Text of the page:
Designed by nature

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In the Spanish region of Andalucía there are several concentrated solar plants that, from the air, look amazingly like the floral heads of sunflowers. This is no artistic or random arrangement, but a highly practical one. The hundreds of heliostats, or mirrors, rotate with the sun to reflect concentrated sunlight towards a central tower, where water is heated to steam, which drives a turbine that produces electricity. However, having this many heliostats takes up a lot of space unless they are optimally arranged.

By placing the heliostats closer together in a fanned-out layout, they were able to build a spiral-like pattern that reduced the land used by 10 percent without affecting efficiency.

At that point, researchers decided to look to nature to see if they could further optimize the pattern. They used the florets of a sunflower as a source of inspiration as these are arranged in a stunning spiral fashion; each floret is turned at a "golden angle" of about 137 degrees with respect to its neighbour. When the researchers twisted each mirror to be 137 degrees relative to its neighbour, their tests showed that the optimized layout took up 20 percent less space than the current layout. The improved layout takes up 20 per cent less land and is more efficient than the current design. Read more

“How can you not be excited by the prospect of finding solutions for sustainability just outside your door? This is yet another reason for protecting ecosystems and biodiversity,” says UN Environment ecosystems specialist Niklas Hagelberg.

Biomimicry

According to the Biomimicry Institute[i], biomimicry is an innovative approach that taps into nature’s time-tested designs and processes to solve the problems humans face. Over billions of years, living organisms on Earth have learned to adapt and survive, just as we need to today. By applying lessons from these life forms, we can create solutions that fit in seamlessly to the ecosystems that surround us, making our products, processes, buildings, and even entire cities more energy and material-efficient, less toxic, and more resilient.

Biomimicry goes beyond simply creating devices that look like something in nature (biomorphism) or using natural materials (bio-utilization) in designs. Instead, biomimicry look to emulate how living organisms function within an entire systems context.

Solutions are all around us

Biomimicry is still an emerging practice, but it has the potential to fundamentally reshape the way we build our world by offering a new way to create a resilient future.

Here are a few examples of products, or solutions, inspired by nature:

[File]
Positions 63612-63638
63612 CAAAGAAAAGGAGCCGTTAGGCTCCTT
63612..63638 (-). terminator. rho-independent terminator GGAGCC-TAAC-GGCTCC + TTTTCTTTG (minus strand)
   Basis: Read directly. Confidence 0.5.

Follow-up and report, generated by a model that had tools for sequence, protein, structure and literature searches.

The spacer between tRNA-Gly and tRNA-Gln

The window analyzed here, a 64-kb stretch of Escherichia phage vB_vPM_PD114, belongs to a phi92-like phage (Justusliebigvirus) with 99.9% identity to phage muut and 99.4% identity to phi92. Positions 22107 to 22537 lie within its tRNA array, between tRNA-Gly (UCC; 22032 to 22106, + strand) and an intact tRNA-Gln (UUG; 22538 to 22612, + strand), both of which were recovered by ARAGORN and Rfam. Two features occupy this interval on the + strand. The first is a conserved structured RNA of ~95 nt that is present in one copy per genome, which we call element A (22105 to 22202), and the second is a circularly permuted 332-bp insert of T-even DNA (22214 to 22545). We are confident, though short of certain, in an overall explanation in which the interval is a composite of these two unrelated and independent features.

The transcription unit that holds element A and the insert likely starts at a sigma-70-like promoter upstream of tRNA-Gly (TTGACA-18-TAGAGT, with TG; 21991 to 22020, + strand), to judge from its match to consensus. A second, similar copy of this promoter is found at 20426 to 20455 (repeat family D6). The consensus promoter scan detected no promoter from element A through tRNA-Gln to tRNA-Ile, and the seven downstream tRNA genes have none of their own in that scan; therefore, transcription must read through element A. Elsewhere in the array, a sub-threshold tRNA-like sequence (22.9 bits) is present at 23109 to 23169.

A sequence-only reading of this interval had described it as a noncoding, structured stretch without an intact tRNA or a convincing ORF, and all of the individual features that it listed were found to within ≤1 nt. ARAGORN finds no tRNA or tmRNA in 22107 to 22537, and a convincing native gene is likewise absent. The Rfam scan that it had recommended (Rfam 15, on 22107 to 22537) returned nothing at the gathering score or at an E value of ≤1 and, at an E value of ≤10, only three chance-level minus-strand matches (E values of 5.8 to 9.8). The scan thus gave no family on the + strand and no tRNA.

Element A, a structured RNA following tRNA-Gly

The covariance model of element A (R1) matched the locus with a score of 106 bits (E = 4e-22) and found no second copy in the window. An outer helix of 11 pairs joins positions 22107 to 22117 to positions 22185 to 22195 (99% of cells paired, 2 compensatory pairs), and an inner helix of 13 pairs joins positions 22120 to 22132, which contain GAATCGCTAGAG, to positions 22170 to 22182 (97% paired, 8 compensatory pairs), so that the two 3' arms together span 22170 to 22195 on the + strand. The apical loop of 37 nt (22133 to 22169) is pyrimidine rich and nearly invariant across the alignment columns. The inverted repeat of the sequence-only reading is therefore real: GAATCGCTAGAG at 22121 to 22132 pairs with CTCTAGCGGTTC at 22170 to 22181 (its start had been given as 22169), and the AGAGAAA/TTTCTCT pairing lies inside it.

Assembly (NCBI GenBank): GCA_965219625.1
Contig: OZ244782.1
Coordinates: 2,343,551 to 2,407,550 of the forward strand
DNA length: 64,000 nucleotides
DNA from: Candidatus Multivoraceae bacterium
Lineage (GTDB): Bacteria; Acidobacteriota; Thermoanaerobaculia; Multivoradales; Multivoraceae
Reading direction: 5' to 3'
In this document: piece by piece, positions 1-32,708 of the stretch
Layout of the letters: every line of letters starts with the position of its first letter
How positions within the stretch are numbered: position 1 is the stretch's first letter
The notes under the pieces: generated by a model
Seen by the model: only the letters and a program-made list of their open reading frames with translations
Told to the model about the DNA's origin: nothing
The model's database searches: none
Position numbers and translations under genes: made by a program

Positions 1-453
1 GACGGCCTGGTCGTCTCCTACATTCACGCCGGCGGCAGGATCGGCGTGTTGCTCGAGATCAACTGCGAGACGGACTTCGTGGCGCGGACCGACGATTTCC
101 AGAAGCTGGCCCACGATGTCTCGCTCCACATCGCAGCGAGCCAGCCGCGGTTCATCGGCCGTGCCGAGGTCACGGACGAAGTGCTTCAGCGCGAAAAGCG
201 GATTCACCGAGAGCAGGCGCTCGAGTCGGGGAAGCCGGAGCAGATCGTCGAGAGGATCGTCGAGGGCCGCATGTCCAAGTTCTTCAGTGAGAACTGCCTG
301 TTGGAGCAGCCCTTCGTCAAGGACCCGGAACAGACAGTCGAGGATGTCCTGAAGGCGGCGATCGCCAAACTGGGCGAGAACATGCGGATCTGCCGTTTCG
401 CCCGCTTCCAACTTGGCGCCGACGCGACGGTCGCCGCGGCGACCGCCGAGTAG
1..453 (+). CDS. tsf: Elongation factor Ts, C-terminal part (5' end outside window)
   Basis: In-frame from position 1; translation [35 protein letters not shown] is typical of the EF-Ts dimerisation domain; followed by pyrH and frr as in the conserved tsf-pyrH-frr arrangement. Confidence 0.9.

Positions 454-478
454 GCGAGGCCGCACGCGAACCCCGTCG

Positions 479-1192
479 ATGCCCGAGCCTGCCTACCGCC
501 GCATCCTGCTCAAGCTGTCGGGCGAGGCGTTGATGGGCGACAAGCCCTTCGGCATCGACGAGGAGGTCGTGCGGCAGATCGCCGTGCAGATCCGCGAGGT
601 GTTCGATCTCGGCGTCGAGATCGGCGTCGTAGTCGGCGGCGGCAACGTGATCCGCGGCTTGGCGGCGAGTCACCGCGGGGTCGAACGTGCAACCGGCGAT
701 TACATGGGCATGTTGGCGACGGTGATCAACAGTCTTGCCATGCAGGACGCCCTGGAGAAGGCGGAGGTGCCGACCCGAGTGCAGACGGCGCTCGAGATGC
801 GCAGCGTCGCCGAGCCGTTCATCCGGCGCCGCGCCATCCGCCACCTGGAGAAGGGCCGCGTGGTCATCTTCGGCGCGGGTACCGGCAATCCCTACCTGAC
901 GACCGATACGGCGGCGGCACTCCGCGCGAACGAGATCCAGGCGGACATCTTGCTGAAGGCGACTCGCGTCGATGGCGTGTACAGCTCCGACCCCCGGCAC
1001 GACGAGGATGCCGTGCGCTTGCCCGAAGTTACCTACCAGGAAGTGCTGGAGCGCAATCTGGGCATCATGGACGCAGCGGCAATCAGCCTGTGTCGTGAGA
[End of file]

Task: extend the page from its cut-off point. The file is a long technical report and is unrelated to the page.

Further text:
SharkletTM is a synthetic surface inspired by the skin of sharks which deters colonization by certain disease-causing microbes. Because the artificial surface works without killing microbes, there is no selection for resistance. "Sharklet™ is the world’s first technology to inhibit bacterial growth through physical surface modification alone. The surface topography is made of millions of microscopic diamonds that disrupt the ability for bacteria to aggregate, colonize, and develop into biofilms. Read more

Perennial grain cropping, or permaculture, is a form of agriculture developed to mimic natural systems. This strategy takes advantage of benefits found in natural systems, such as resilience to most perturbations, self-regulation, accumulation of "ecological capital," stable soils, carbon sequestration, nutrient cycling, food production, and biodiversity. Read more

The tip of a mosquito’s mouth is composed of several moving parts that work into skin with the minimum of fuss, and the minimum of pain. Materials researchers and engineers at Kansai University in Japan saw amazing potential in the structure of the mosquito’s mouth. They used sophisticated engineering techniques that can carve out structures on the nanometer scale. The result of this blend of materials science and biology was a needle that penetrates like a mosquito, using pressure to stabilize and painlessly glide into skin. Tests proved it worked flawlessly.

The efficient drill of the wood-boring wasp’s ovipositor (an egg-laying spike) works on the same basis. Two toothed blades ratchet a central drill deeper and deeper into the wood. Because of the efficiency of this design, no motor is needed–just the delicate force the wasp exerts. This goal of guided, smooth penetration is exactly what neurosurgeons need in their tools.

Scientists say the way ants navigate  could have applications in designing computer algorithms to guide robots.

Conclusion

Seeing the natural world as an endless source of research and development makes us realize how valuable the plants and organisms in our ecosystem can be. As species die off from human-made causes, thousands of potential solutions die with them. Biomimicry reminds us that there is much we have left to learn from the natural world and must work to protect it. Perhaps this is something we should bear in mind as we move towards World Environment Day on 5 June 2017 and its theme of connecting people with nature.

 

[i] This article draws heavily on examples and explanations from the Biomimicy Institute website.

Author

UN Environment